23 April 2008

So You Think You're a Poet? Part Three: Punctuation

As you're probably learning, there are many aspects of poetry that make it what it is.

Imagery creates vividness, and helps readers draw a connection between themselves and the poet.

Line breaks/structure help certain images or phrases or lines stick out to the reader, since the mind pauses, even for a split second, at the end of a line.

Punctuation is important in a similar way to line breaks/structure. Punctuation also causes the reader to pause, but it is a heavier pause than a line break.

For the purposes of example, I point you to my magnetic poem, "confess, dead!"

This is how it appears in the picture of the magnets:

confess dead
break her ideal manacle
voice cliches & plant success
would you do a white naked girl
perfect in sweet thought
howling aching burning memory
dig out the strange precious vacuum of old curses

This is how it appears after I added punctuation:
confess, dead!
break her ideal manacle!
voice cliches & plant success.
would you do a white naked girl--
perfect in sweet thought?
howling, aching, burning memory
dig out the strange, precious vacuum of old curses.

To quote Dana:

It's really awesome how punctuation changed the entire feel. When I first read confess, dead! it fell flat because I wasn't looking at the punctuation: confess dead just doesn't have the same oomph as confess, dead! So you're not just a wizard with magnetic words, but with punctuation as well!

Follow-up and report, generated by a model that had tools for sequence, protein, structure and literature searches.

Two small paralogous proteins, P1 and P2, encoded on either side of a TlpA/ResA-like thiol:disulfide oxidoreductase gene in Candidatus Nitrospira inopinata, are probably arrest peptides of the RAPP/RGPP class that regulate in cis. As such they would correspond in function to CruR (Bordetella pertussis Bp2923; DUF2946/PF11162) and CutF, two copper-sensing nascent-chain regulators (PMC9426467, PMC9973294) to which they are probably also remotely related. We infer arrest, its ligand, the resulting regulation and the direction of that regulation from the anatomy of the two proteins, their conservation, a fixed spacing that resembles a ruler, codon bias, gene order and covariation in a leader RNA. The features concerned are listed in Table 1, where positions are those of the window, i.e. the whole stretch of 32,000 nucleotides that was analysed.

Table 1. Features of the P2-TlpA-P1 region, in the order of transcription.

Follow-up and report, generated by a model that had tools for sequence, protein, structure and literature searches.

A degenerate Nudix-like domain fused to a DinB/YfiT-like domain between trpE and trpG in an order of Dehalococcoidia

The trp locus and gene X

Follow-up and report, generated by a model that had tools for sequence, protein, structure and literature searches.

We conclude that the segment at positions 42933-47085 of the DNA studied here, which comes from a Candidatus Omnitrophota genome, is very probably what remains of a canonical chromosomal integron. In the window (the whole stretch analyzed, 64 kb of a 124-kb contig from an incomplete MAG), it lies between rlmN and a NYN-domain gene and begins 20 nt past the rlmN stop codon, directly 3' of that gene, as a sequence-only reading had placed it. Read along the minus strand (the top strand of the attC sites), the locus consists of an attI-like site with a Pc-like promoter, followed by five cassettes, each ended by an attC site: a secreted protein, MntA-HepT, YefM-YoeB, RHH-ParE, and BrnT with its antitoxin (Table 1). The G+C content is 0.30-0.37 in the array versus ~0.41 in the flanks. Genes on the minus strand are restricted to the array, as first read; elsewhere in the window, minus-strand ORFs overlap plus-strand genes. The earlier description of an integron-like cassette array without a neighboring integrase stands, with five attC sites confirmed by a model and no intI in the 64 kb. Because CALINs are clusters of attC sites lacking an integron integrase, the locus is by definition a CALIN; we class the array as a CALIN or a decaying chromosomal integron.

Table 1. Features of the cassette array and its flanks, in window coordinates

I agree. Thank you. In the first version, the ideas sort of run together due to the lack of punctuation. But in the second, the reader pauses for breath, for reflection, at every comma, period, question mark, and dash.

Just as you should carefully consider where to give the reader pause in line breaks, you should equally as carefully consider where to give the reader pause through punctuation. After all, it works both ways.

In E. E. Cummings's poem "Chansons Innocentes: I," punctuation is used to slow the reader down a bit. In the first line, for example, there is a dash. It reads:
in Just-

And immediately, the reader stops to think about what that means.

Before you start putting commas and dashes everywhere, though, remember that punctuation can also have the opposite effect (whether intended or not). In William Carlos Williams's "The Red Wheelbarrow," a lack of punctuation is used to keep the reader moving through the line breaks to reach the end of the thought.
so much depends

a red wheel

glazed with

beside the white

It's true the line breaks create a bit of pause as the eye moves to the beginning of the next line, but these pauses are not nearly as significant as those created by punctuation.

There is a story I heard quite some time ago about a poet who worked hard all morning in his office. At lunch, a friend asked him, "What did you do all morning?"

"I added a comma," he answered.

That afternoon, he worked just as hard, and at supper, the same friend asked, "So what did you do all afternoon? Add another comma?"
"No, of course not!" the poet said. "I took it out."

1 comment:

  1. LOL, fantastic!

    The writer in the story you quote at the end was Oscar Wilde. I first came across it in an article about science fiction writing by Isaac Asimov, and I had that tacked to my wall for ages. The coup d'etat in Asimov's retelling was the dry British wit on the last line: "No, I removed the one I inserted this morning."


    My favorite e e cummings poem has to be Buffalo Bill's
    . Line breaks, punctuation, mashed-together words, line position... the whole thing's a masterpiece.
    Just an amazing poet.

    Excellent post again!


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